At any point where the energy price guarantee fell below the energy price cap, then that lower price would be the one that applies.
This is what has fortunately now happened from 1st July. In April, the energy price cap had risen to £3,280, with prices for consumers held at no higher than £2,500 for typical usage under the energy price guarantee.
In July, however, the energy price cap fell to £2,074, making it lower than the guarantee – and potentially saving households the equivalent of hundreds annually compared to previous rates.
How much will energy bills come down in July?
As we said above, the energy price cap is expressed based on typical usage, so bills might not follow the exact pattern. There are also a few extra costs, including VAT at 5% and some differences in billing prices, such as if you pay by direct debit or upon receipt of a bill, with the latter being about 6-8% higher.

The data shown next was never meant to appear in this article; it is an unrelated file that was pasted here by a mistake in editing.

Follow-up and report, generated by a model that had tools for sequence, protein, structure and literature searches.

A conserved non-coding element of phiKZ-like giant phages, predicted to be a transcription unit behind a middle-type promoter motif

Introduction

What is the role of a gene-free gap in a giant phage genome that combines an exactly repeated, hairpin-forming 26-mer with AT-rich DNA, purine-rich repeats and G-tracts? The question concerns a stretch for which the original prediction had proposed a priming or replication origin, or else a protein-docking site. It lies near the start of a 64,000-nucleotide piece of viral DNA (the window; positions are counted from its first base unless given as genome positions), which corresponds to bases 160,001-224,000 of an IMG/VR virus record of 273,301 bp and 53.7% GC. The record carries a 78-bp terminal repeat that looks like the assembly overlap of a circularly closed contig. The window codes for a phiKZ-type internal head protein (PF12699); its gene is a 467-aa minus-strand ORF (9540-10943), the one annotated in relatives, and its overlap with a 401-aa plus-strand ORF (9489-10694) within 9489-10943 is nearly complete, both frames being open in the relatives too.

If your supplier hasn’t sent you an estimate, you can do your costs by taking your average kWh usage for gas and electricity and adding the new cap for daily standing charges, using these figures:
- Electricity: £0.3 per kWh; £0.53 daily standing charge
- Gas: £0.08 per kWh; £0.29 daily standing charge
What has caused prices to drop?
The consumer price can be immediately traced back to the fall in wholesale energy prices, which has been happening for some time but has only slowly filtered through to consumers. This has been helped somewhat too by lower demand in the Northern Hemisphere over the summer months. Likewise, Europe has higher levels of gas storage, whereas previously, storage levels were low and the continent as a whole was very reliant on Russian energy.